Key tax points on dividends and buy-to-let
Craig Coyle, of Campbell Dallas, highlights the need for tax practitioners to give clients the right advice on dividends and buy-to-let following recent changes. Craig will be speaking at the ICAS Tax Conference – Taxing Times, on 24 May in Glasgow.
Practitioners will have seen a significant impact on their clients recently from changes to the taxation of dividends and also to the taxation of landlords with buy-to-let properties.
All general practitioners will have clients who are unhappy with these changes (given that they will result in an increase in their tax bills), and at the conference we will be discussing how best to seek to advise clients in these circumstances.
The increase in tax on dividends will impact on almost all owner managed businesses which are structured as limited companies. The usual advice historically to such clients was to remunerate themselves by a small salary with the balance extracted by means of dividend. The lower rates of tax on dividends together with the National Insurance saving meant this was almost always the “right” answer for the client, but the position is not always as clear now that the dividend tax rate has been raised.
The temptation for some clients would therefore be to live more frugally and extract less cash from their companies, with a view to realising a greater sum at the end of their period of ownership (whether by sale or liquidation) under capital gains tax rates, and in particular Entrepreneurs’ Relief at 10%. However, changes to the rules on Entrepreneurs’ Relief (which to some extent are simply underlining routes of challenge which were always available to HMRC) mean that the 10% rate may not be available where the company has too much cash on disposal.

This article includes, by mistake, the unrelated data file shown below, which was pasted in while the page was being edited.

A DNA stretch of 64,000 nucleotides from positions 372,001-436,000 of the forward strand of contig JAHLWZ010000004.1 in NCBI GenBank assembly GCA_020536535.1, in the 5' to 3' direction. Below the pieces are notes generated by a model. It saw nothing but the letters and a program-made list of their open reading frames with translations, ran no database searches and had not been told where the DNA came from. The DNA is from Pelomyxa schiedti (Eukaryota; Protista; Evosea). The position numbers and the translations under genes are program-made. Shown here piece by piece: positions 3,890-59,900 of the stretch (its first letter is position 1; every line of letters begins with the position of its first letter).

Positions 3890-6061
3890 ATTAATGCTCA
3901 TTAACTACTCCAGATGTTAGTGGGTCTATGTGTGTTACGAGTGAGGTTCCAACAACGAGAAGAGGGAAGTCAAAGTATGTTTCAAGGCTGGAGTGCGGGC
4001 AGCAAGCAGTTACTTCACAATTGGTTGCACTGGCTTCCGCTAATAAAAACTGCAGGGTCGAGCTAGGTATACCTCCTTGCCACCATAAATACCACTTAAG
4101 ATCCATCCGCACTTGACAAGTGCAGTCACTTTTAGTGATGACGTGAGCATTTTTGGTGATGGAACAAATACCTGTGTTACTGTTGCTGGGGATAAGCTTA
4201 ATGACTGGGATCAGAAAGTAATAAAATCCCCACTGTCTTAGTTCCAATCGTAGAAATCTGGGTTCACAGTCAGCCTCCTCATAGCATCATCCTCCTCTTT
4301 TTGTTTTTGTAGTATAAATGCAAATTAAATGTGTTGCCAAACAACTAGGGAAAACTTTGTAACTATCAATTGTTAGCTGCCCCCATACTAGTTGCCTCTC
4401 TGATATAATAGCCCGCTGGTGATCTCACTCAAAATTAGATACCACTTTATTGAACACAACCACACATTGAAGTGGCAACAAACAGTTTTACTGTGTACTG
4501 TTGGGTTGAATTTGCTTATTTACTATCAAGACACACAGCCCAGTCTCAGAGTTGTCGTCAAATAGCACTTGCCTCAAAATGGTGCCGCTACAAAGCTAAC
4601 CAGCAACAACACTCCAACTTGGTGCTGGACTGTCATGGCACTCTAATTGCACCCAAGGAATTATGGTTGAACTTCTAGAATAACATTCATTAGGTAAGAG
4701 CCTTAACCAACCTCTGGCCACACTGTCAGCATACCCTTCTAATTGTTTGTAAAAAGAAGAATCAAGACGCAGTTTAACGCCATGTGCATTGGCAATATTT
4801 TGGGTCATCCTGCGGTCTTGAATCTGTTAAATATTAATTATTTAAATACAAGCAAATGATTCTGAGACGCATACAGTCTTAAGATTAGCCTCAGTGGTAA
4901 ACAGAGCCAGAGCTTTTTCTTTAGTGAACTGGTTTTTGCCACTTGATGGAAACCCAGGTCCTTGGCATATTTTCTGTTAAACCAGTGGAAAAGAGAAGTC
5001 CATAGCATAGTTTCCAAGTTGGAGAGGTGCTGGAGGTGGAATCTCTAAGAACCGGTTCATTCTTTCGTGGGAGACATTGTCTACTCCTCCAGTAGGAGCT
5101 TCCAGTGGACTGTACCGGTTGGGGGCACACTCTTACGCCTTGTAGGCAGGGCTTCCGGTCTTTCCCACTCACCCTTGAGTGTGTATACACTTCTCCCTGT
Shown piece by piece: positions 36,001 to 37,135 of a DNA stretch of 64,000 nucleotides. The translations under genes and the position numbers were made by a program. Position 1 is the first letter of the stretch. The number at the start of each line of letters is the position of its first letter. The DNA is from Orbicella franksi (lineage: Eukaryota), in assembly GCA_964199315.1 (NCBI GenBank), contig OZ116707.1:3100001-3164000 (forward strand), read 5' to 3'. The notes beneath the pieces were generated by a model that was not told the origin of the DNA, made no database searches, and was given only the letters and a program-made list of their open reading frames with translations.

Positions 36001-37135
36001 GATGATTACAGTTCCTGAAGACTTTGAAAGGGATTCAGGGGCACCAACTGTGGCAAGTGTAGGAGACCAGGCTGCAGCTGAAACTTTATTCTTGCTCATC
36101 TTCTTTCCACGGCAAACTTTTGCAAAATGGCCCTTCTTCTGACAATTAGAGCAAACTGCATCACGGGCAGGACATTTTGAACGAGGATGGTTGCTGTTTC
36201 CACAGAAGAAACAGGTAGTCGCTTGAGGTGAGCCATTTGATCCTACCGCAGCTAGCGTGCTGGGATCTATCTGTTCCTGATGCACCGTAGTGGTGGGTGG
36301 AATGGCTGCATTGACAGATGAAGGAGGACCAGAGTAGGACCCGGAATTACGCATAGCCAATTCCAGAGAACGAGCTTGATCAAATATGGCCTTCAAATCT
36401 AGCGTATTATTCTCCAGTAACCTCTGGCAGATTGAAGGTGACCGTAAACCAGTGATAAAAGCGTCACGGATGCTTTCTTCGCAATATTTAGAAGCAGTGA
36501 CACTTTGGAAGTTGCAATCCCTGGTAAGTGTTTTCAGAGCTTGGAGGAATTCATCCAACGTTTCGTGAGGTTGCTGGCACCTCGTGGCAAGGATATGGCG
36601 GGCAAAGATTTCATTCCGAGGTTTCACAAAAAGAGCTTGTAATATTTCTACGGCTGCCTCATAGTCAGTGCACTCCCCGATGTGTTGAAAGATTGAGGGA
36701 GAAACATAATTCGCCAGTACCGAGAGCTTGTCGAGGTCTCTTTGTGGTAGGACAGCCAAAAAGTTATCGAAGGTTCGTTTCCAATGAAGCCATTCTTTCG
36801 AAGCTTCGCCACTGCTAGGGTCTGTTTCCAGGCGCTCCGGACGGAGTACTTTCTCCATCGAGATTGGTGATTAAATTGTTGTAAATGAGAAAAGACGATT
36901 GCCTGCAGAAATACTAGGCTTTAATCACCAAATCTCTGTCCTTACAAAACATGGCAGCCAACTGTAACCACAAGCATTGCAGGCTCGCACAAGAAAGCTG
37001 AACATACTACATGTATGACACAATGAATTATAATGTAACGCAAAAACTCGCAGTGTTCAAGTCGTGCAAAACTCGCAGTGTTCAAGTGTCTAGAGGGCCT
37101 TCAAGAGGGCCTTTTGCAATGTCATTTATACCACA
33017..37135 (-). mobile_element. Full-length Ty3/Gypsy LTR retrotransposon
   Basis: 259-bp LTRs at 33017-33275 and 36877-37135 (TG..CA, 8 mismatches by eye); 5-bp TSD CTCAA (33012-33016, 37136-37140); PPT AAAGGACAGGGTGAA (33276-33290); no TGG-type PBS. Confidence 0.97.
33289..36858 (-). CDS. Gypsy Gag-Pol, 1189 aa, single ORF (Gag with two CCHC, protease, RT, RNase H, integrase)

Similarly, HMRC is keen to clamp down on those who liquidate their company to obtain the 10% rate and then “phoenix” a new company to carry on the same trade, thus seeking to effectively withdraw their income at 10%. Practitioners need to make sure their clients are properly advised of the potential difficulties in obtaining ER.
Landlords who hold properties personally, rather than through a limited company, are faced with the restrictions on the deductibility of interest which will increase their tax liabilities. One thought might therefore be to seek to move the properties into a limited company, but the associated capital gains tax and LBTT (with supplement!) costs mean that the short-term cost of doing this may be too painful to allow for the long-term benefit to be realised.
With the ATED threshold likely to affect more properties in future if prices rise, practitioners again need to ensure that clients are being properly advised on the structure in which they own properties for rental. Incurring the costs of moving to a limited company and then selling may lead to the worst of all worlds!
We look forward to discussing these and other issues, particularly around recent HMRC enquiry activity, with practitioners at the conference.
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